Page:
To me, the finest works of history combine three elements: 1) can’t-put-it-down readability; 2) everything-I-thought-I-knew-about-this-subject-was-wrong revelations; and 3) no-source-left-unexamined documentation.
By all three standards, Heather Ann Thompson’s “Blood in the Water: The Attica Prison Uprising of 1971 and Its Legacy” is about as powerful a history lesson as you’re likely to encounter. Please read it.
But as riveting as it is, this book also will sadden, offend and distress you.
It reveals a mass crime, or spree of crimes, so awful you’ll shake your head and ask, How could this happen in late 20th century America?
More disconcerting, these terrible acts were committed not by imprisoned felons, but by law enforcement, whose crimes then were successfully hidden for decades.
Thompson’s tale seems especially pertinent in this age of recurring internet videos of black men being shot by police, the Black Lives Matter movement and Colin Kaepernick’s NFL protests against perceived racial injustice.
If nothing else, it demonstrates that, at least in the recent past, law enforcement indeed acted with egregious violence — and impunity —against people of color, on a scale hard to fathom.
I’m old enough to remember the Attica uprising.
The common narrative at the time went like this: Radicalized black and Hispanic prisoners at an upstate New York prison plotted a takeover, savagely attacked guards and captured the institution. They grabbed hostages, whom they abused, menaced and threatened.
They issued ridiculous demands to authorities while growing ever more volatile.
Finally, with no options left, New York state troopers and other law enforcement officers stormed the prison to rescue the hostages. A pitched battle ensued. Inmates pitilessly murdered and even castrated their captives.
Thompson, a professor at the University of Michigan, dismantles this narrative as a grand, albeit nauseatingly successful, lie.
Conditions in Attica before the uprising bordered on the medieval. Inmates were locked in tiny, stifling cells for as long as 23 hours a day. The prison was badly overcrowded.
Fed on a budget of about 60 cents a day, prisoners were hungry. Corrections officers threw inmates’ mail in the trash. Medical and dental care were almost nonexistent. Often, prisoners weren’t even allowed to talk. They were allotted one roll of toilet paper a month.
For minor infractions, they were locked in their cells for days on end. For more serious offenses they were beaten by their white, rural guards, or else banished to the “box” — solitary — for months. Or both.
Not surprisingly, they lived in terror. And seethed with rage.
When the riot finally came, however, it was sparked by accident, through a tragic misunderstanding.
A group of inmates returning from a meal found themselves locked in a tunnel. Word spread that they were about to be beaten. Half-crazy with fear, one jumped a guard. Then others joined in, grabbing makeshift weapons to protect themselves.
The uprising escalated from there, not by design but in chaos, because once the resistance had started, prisoners were too scared of officers’ retaliation to surrender. One guard was badly battered (and eventually died); others were manhandled and taken hostage.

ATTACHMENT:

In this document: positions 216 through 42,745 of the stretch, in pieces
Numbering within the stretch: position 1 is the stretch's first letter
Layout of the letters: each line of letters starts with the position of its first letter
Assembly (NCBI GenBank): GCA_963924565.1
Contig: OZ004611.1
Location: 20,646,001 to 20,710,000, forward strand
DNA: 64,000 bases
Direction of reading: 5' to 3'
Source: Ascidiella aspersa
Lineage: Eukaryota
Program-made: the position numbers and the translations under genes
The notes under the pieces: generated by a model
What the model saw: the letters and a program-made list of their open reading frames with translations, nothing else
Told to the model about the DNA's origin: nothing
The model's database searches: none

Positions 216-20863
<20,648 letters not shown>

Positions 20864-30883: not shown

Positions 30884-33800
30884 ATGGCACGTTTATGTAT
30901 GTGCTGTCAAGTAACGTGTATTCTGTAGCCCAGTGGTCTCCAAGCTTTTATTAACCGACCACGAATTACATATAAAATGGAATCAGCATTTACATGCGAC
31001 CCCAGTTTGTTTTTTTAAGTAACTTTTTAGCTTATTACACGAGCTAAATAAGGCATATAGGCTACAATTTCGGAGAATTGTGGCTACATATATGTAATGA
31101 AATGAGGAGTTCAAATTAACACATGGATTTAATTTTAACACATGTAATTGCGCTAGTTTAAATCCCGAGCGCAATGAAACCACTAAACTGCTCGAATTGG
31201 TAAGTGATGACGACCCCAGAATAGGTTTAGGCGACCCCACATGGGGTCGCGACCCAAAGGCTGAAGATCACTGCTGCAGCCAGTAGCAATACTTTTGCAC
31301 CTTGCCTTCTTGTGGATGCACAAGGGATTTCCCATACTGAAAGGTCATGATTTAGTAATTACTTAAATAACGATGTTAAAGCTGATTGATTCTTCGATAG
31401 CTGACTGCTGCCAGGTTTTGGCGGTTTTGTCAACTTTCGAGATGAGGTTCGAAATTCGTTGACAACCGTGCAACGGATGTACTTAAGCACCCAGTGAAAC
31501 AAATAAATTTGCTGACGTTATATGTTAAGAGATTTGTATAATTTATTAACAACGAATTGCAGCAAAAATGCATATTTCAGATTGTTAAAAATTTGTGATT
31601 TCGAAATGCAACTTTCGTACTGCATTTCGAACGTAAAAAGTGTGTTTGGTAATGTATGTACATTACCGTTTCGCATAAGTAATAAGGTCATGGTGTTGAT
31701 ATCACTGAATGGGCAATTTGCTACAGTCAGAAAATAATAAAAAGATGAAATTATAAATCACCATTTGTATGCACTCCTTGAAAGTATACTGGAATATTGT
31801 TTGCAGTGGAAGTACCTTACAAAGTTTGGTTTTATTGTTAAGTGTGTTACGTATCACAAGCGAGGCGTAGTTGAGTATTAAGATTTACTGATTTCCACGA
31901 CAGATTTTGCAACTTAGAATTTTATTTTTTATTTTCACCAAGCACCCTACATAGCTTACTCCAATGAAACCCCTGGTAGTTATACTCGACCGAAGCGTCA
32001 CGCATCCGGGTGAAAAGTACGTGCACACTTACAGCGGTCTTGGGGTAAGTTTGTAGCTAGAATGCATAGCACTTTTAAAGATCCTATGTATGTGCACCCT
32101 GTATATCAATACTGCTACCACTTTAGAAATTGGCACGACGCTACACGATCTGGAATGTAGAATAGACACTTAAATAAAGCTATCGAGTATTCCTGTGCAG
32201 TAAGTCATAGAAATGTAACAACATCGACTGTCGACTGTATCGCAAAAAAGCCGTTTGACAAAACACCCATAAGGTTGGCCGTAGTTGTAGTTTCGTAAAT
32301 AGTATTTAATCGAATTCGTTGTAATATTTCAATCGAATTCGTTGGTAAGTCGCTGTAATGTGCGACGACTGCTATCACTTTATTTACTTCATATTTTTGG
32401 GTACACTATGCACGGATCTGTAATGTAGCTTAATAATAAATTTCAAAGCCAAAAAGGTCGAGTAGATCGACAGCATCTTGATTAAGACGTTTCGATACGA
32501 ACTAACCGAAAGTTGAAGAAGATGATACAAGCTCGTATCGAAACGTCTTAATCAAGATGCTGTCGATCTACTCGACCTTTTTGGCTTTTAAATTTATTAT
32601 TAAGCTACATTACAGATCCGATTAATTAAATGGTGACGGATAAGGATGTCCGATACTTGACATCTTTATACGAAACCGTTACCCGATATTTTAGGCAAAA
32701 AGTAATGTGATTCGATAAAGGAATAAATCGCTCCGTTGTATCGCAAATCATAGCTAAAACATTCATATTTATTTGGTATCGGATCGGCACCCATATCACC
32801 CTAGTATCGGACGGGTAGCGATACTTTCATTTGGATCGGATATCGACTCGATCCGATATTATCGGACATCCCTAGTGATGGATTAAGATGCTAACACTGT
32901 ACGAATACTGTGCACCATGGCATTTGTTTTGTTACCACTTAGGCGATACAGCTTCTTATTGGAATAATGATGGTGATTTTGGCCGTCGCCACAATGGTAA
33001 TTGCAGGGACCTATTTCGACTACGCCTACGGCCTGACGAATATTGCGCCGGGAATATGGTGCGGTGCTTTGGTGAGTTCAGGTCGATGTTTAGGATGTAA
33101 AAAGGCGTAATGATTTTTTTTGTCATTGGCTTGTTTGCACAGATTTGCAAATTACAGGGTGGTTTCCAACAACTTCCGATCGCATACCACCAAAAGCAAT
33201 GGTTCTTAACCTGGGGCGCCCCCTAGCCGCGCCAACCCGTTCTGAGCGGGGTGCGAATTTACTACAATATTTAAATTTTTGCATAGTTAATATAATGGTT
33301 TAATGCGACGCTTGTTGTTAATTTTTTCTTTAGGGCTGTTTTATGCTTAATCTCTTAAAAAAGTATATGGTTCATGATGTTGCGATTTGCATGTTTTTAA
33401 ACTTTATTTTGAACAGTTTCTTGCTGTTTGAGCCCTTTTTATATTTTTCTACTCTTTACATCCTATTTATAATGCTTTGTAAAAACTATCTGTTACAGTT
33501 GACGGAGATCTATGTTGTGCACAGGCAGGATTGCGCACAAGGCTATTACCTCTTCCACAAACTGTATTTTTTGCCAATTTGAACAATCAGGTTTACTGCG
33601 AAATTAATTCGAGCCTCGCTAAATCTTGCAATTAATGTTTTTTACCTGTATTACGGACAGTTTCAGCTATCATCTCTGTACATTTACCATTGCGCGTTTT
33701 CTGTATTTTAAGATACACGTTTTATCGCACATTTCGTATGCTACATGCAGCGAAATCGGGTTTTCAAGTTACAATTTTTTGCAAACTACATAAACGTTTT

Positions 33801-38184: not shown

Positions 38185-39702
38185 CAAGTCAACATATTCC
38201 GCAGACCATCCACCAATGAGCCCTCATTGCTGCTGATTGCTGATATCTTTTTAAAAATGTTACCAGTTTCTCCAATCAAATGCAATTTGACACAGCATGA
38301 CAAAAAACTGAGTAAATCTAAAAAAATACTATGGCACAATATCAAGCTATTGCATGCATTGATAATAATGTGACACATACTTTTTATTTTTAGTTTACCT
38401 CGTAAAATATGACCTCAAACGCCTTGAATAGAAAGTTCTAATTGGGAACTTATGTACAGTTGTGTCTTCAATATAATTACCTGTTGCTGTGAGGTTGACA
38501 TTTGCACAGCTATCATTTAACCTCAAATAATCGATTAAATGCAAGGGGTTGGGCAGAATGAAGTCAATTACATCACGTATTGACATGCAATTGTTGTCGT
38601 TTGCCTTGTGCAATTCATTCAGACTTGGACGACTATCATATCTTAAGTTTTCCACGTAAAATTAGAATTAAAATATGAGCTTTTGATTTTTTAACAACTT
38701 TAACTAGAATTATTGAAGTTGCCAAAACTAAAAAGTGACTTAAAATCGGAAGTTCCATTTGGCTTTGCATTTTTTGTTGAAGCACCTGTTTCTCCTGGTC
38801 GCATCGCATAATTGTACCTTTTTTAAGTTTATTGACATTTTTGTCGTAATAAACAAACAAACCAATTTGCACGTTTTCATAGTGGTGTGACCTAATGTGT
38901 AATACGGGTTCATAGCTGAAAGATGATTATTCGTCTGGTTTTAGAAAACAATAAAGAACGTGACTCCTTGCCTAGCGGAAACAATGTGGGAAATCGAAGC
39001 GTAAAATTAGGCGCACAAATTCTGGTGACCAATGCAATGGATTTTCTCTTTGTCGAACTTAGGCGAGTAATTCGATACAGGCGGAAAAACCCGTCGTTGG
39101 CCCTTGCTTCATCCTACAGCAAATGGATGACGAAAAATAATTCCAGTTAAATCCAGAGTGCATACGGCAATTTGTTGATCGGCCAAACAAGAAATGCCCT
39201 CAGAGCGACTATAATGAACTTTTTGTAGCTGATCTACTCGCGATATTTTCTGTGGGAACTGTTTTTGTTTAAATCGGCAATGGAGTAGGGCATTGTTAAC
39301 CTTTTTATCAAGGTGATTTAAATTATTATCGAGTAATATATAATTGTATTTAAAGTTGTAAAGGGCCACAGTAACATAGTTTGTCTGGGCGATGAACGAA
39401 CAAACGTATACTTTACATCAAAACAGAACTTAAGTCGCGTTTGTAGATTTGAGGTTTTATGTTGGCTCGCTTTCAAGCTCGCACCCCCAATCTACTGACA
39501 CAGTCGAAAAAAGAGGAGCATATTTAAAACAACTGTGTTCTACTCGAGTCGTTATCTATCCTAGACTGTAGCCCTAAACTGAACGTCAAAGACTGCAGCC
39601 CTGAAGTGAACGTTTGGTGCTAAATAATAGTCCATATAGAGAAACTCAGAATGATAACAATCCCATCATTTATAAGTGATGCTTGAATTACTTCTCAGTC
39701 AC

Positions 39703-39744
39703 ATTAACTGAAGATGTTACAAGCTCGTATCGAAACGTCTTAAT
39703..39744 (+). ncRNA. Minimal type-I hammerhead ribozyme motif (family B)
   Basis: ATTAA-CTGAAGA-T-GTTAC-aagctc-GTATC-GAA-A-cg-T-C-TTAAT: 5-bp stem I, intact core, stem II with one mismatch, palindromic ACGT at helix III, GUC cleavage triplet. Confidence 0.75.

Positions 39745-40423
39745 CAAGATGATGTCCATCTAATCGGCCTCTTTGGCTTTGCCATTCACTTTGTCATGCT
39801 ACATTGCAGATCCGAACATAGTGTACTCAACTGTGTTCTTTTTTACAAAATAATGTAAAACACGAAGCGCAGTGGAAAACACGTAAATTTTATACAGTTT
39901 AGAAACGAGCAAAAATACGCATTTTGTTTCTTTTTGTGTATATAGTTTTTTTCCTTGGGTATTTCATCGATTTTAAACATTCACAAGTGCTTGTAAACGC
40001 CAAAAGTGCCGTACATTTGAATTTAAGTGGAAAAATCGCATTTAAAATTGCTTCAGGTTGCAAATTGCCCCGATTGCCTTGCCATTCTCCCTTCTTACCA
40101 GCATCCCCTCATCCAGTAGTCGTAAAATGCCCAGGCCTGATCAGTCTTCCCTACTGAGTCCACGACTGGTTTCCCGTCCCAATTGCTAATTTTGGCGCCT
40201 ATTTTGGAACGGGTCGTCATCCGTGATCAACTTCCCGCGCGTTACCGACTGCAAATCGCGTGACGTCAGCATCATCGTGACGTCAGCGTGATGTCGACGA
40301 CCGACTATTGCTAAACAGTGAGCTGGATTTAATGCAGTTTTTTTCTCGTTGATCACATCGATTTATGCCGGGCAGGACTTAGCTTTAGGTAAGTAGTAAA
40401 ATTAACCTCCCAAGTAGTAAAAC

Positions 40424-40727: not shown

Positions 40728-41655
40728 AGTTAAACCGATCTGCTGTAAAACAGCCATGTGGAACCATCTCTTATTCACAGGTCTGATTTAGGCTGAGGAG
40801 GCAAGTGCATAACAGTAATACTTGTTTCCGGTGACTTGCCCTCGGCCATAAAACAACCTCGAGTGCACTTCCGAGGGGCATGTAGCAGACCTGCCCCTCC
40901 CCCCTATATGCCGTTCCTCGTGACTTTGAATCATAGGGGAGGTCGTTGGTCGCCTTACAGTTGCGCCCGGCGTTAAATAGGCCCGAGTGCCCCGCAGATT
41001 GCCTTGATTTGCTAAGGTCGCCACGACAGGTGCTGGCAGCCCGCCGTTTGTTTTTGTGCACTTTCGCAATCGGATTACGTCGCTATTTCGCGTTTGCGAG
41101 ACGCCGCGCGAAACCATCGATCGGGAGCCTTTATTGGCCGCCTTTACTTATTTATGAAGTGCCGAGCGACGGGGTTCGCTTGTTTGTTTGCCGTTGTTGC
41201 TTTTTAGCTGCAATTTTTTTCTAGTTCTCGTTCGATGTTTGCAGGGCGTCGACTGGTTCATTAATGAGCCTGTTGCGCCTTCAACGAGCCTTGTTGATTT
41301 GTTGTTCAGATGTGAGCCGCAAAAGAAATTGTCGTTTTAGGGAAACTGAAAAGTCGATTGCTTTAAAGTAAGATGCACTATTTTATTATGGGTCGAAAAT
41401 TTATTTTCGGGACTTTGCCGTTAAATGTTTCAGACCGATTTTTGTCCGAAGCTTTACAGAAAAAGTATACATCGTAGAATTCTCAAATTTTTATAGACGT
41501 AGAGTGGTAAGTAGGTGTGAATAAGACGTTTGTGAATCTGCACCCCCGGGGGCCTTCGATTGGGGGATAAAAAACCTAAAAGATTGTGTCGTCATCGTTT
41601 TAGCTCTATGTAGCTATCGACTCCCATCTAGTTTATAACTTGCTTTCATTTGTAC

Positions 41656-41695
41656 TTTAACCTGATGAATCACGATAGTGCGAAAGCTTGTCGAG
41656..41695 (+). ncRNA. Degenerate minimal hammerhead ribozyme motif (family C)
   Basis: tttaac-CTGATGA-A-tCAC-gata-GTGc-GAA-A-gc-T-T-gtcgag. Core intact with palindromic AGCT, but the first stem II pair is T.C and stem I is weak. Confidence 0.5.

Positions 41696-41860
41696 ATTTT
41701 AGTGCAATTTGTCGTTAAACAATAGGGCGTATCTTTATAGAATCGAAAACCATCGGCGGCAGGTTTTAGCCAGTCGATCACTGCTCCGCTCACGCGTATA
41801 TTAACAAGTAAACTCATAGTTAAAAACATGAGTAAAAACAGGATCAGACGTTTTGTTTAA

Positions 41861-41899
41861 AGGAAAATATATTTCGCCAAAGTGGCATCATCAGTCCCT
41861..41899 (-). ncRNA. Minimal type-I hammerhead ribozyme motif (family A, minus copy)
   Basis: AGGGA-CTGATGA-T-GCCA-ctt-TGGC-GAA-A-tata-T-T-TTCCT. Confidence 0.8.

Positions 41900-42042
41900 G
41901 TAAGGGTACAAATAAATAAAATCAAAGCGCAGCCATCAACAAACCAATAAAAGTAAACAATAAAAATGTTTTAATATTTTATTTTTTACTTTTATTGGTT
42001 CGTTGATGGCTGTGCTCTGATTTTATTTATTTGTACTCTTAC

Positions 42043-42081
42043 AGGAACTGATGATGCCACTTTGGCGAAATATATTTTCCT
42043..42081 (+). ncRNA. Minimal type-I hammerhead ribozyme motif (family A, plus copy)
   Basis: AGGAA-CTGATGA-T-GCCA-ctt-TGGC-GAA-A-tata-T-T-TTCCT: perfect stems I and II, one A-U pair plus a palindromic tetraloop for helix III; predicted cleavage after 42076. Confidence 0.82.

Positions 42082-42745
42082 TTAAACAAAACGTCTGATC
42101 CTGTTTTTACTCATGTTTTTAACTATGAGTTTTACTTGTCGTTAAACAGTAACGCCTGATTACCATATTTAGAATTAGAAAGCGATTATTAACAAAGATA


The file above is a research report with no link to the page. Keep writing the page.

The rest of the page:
Remarkably quickly, though, the rioters gathered their wits.
They protected captured corrections officers and civilian employees. They helped evacuate the seriously injured guard, and asked officials to send doctors to examine officers with lesser injuries. They shared their food with the hostages and tried to make them comfortable.
Over the next few days, they demanded reforms — adequate food and soap, for example — but mainly sought amnesty for the takeover.
On the fifth day of negotiations, state police, corrections officers and other law enforcement personnel suddenly launched a toxic strain of tear gas into the prison yard and attacked with guns blazing.
It wasn’t a battle. It was a massacre.
Amid clouds of tear gas, wearing gas masks, enraged troopers and corrections officers acted blindly; although they knew hostages were present, they shot anyone in their paths.
Thirty-nine men died, including 10 hostages. Some 128 were wounded.
Allegedly, prisoners who tried to surrender were coldly executed. Others were tortured in full view of inmates and several National Guardsmen at the scene.
Officials refused medical treatment to dozens suffering from broken bones and gunshot wounds. Retributive beatings would continue for months.
Through it all, officers shouted racial taunts and “white power” slogans.
Prison and police officials, aided by Gov. Nelson Rockefeller, fashioned an alternate-reality story of organized, radicalized minorities having seized the prison, then having stabbed and sexually mutilated helpless guards.
Soon, autopsies showed all the hostages killed in the assault had died from law enforcement gunfire. And a courageous medical examiner refused to deny this.
State troopers fanned out to funeral homes where dead hostages’ bodies had been taken, warning funeral directors never to tell that the hostages had been shot to death.
Such distortions and threats went on for years, involving multiple state agencies and officials. Reams of incriminating documents were hidden from the public.
Revealing the truth took nearly three decades and a class-action lawsuit by prisoners, who in 2000 won a $12 million judgment from the state.
It’s an unnerving tale.
“Blood in the Water” provides a salutary reminder that, human nature being what it is, those empowered to protect the public, if not held accountable, can become as grave a threat to law and order as those they protect us from.
Paul Prather is pastor of Bethesda Church near Mount Sterling. You may email him at firstname.lastname@example.org.